What does it mean to enter in? Faith is not standing at the doorway, but entering in. It is assenting to the revealed truth you are a son of God, so that to sit at the table of King of Kings is not asking too much, but is proper and appropriate. Maturity is taking all the promises of God with a resounding Yes, to the glory of God: all the help, deliverances, healings, miracles, powers, love, truth and prophecies.
What is mature doctrine for mature saints?
1 Corinth. 3:6,9, 12″We Speak wisdom among those who are MATURE….[Paul goes off point then comes back quoting O.T.]….the things which God has prepared for those who love Him….[and so Paul concludes wisdom for the mature is that they]…might know the things that have been freely given to us by God.”- [in context of healings, miracles, prophecies and powers in the Corinthians church.]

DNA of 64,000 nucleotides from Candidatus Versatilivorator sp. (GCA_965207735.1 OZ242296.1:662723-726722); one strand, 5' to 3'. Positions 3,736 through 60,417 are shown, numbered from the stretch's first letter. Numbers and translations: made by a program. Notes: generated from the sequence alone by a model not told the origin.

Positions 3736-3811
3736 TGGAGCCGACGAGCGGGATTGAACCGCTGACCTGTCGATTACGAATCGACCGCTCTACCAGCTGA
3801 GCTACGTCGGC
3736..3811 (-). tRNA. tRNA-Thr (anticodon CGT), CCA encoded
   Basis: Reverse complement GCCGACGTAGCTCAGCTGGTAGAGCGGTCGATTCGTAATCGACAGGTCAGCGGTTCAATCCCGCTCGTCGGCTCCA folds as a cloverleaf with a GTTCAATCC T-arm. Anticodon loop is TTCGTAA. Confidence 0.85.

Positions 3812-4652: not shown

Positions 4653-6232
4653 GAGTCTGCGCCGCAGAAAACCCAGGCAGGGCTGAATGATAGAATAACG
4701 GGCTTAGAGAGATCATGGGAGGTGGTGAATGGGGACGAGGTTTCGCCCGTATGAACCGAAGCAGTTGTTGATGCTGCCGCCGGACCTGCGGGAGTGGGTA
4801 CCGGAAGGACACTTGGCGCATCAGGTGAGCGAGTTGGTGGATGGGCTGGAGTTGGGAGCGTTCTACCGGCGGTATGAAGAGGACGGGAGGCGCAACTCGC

Take a moment and think about that.
Paul is speaking to the Corinthians, who are abusing the abundance of spiritual gifts and playing favorites among leadership and who were allowing a man to sleep with this stepmother. In this context how does Paul describe maturity? Was it self-abasing, or self-sacrifice? Paul says that wisdom for the mature is having a soul able to understand and receive the unmeasurable goodies God is giving them. The issue of saying “I am of Paul, or I am of Apollos,”(in addition to being petty and argumentative) is that their desire for greatness and blessings was to small. Paul turns around and says the whole world, past present and future belong to you in Christ, (2 Corinthians 3). That is, Paul and Apollos are already yours; yet, so is the world, and so is the gifts of the Spirit. All the mighty promises of God are yours for the taking, by faith in Christ.